OF THE PAST"
Hardin County Independent News
F. Ferrell was the proprietor of Best Cleaners in
Elizabethtown which was modern in every respect with
the latest scientific equipment. Miss Gold Byrd
was employed there.
DX Service Station in Rosiclare was advertising seat
covers, bumper jacks, batteries and tires.
Frayser, George Pickering, Lambert Patton, and Edna
Hope Lambert had been honored at a birthday dinner
given by the Royal Neighbors Lodge in Cave In Rock.
B. Humm of Idle Hour Farm had purchased 150 white leg
horn hens from Rev. H. M. Reis at St. Joseph.
Hardin County Sportsmen's Club would pay a $100 reward
to any person who would give information leading to
the arrest and conviction of person/persons who killed
deer in Hardin County. Their intention was to
protect deer which had been released into the
county. Dr. Albert Mueller, president of
the club, had stated that if in a few years he and his
children and others could drive along roads in Hardin
County and see deer, conservation efforts of the club
would be working.
War Food Administration had warned civilians that
there were to be more meatless days ahead. Due
to more stringent rationing, civilians could expect
the shortest supply of meat in 10 years.
sons of Mr. and Mrs. Dock Hobbs, Route 1, Cave In
Rock, were serving in the military; Pvt. John A Hobbs,
24, wounded in Paris, patient in Spokane, WA hospital;
Pvt. Loyd Hobbs, 26, stationed in Texas; PFC Earl
Hobbs, 19, Marines; Cpl. Aniel Hobbs, 34, South
unusual notice had been printed in the Hardin County
Independent; "You've Gotta Mooch--You Can't
Subscribe." The editor had explained that
as of October 1944, the Independent had not been
permitted to buy any more paper than that required for
its 2, 265 prepaid subscribers due to the war.
Fifteen new subscribers were waiting to receive the
paper if others did not renew their
subscriptions. The editor wrote, "Only one
thing hurts more than handing money back over the
counter. We can't take your subscription."
was reported that "Fine Used Cars For Sale"
was the advertisement for auto dealers to
use--probably for the next three years. It was
anticipated that three years of record breaking
production would be required to fill pent up public
demand for new automobiles once the was ended.
Dale Cullison had written home that he was in India
where it had been as hot as the 4th of July on
Christmas Day and he had gone swimming.
and Mrs. Wilson Lamb of near Cave In Rock had received
a letter from their son, PFC Willis E. Lamb, in active
duty in Belgium.
and Mrs. C. B. Hohler of Cave In Rock had three sons
serving in the military; PFC Gordon D. Hohler in the
South Pacific, PFC Harold Hohler stationed at San Luis
Obispo, CA., and Byrl Hohler on European
battlefields. The Hohler's son-in-law, Wade
Kirk, had also been inducted into the service.
Harry Winters had sent German articles--a flag, razor
and locket and chain--to his parents, Mr. and Mrs.
Clyde Winters in Elizabethtown.
Anderson of near the Wye had received a letter from
his son S/Sgt. Roy L. Anderson who had been wounded in
active duty. He had served in Africa, Italy and
France, and he was in a field hospital in
France. He had been awarded the Purple Heart.
of Gunsmoke" was showing at the Ohio Theatre,
Cave In Rock, starring Tex Ritter and Russell Hayden.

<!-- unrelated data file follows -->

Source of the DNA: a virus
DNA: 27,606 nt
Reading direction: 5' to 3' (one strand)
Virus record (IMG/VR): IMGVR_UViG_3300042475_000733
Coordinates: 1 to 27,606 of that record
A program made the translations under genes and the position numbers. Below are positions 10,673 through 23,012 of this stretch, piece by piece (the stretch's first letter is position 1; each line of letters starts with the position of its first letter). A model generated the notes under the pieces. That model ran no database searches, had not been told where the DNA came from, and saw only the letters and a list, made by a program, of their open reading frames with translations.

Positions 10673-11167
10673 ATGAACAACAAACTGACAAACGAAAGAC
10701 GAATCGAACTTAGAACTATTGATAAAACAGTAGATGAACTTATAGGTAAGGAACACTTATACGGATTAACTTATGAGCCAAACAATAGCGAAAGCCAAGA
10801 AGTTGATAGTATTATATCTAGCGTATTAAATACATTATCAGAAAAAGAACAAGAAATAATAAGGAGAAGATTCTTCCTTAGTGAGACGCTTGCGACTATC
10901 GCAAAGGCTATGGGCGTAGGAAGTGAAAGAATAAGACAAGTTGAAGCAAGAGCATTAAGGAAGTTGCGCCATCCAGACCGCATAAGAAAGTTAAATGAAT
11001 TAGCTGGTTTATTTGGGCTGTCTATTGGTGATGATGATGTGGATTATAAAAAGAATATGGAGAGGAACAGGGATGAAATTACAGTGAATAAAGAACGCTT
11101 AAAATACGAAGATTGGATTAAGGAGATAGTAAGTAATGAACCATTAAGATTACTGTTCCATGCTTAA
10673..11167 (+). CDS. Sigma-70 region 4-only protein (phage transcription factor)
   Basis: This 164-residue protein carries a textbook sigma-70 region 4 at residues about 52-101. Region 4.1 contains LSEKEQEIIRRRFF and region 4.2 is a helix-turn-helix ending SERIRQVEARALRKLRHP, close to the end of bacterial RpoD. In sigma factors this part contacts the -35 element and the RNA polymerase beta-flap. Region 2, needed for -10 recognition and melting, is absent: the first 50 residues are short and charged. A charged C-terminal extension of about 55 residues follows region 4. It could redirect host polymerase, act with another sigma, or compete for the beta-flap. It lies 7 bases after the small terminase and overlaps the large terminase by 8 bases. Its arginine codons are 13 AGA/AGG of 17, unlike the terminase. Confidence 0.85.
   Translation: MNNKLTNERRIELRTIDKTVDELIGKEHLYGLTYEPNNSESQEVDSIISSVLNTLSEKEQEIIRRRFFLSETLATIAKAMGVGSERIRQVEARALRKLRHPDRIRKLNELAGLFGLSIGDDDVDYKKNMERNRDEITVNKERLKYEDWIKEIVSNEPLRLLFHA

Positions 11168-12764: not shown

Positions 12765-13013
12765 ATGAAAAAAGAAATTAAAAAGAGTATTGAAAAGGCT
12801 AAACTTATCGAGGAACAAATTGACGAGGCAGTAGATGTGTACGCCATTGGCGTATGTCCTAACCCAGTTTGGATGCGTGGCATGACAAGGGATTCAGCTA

Woman's Club and Lions Club had received approval from
the Rosiclare city council for a tax supported
library. A nine-member citizens governing board
was to be appointed by the council. Percy Howard
was mayor of Rosiclare. The library, located at
the "Y", had been sponsored by and kept up
by the Woman's Club. Mrs. Anna Curtis,
librarian, was paid by the club to keep it open three
day a week. Committee members that had
approached the city council were Mrs. F. W.
Rutherford, Margaret Conley, L. J. Goetzman, A. H.
Cronk, Dr. Albert Mueller, Dr. Joe Scott and Otis
Frances Shaw had received word that her husband, Sgt.
Francis Shaw was wounded and in a hospital in
England. He was expected to return to the States
Roosevelt had called all Americans to action "to
help in getting food produced and seeing that it is
conserved and shared." America's armed
forces were receiving 41% of the canned and bottled
food produced, and the nation's total food supply was
at its lowest level. He was calling upon
millions of Victory gardeners to do their part.
river had frozen over after an overnight temperature
of one degree above zero the day before. The ice
was not thick enough to walk on.
Thomas Mott, son of Mr. and Mrs. T. M. Mott,
Rosiclare, was recovering in a hospital in England
from a leg wound received in active duty in Belgium.
Harley Daymon, son of Mr. and Mrs. M. C. Daymon of
Rosiclare, was home after serving in New Guinea and
Alfred E. Carr had written home that he had spent
Christmas as never before--in a fox hole in the
and Mrs. Nicholas Hamp had received word that their
son, Pvt. Louis Hamp had be wounded in action in
(jg) Bennett E. Andrew of Rosiclare had flown a
carrier based Navy fighter in the Philippines.
He was with the U. S. 3rd Fleet.
president of the National Shoe Manufacturers
Association had announced that manufacture of leather
shoes for civilian consumption was to be cut by 55
million pairs. That meant 160 million pairs of
none leather shoes would need to be produced.
and Mrs. Loren Donithan of Central had bought Byrd's
Grocery Store at Midway from Mr. and Mrs. James Byrd
who had moved to Rosiclare.
Of The Past Index
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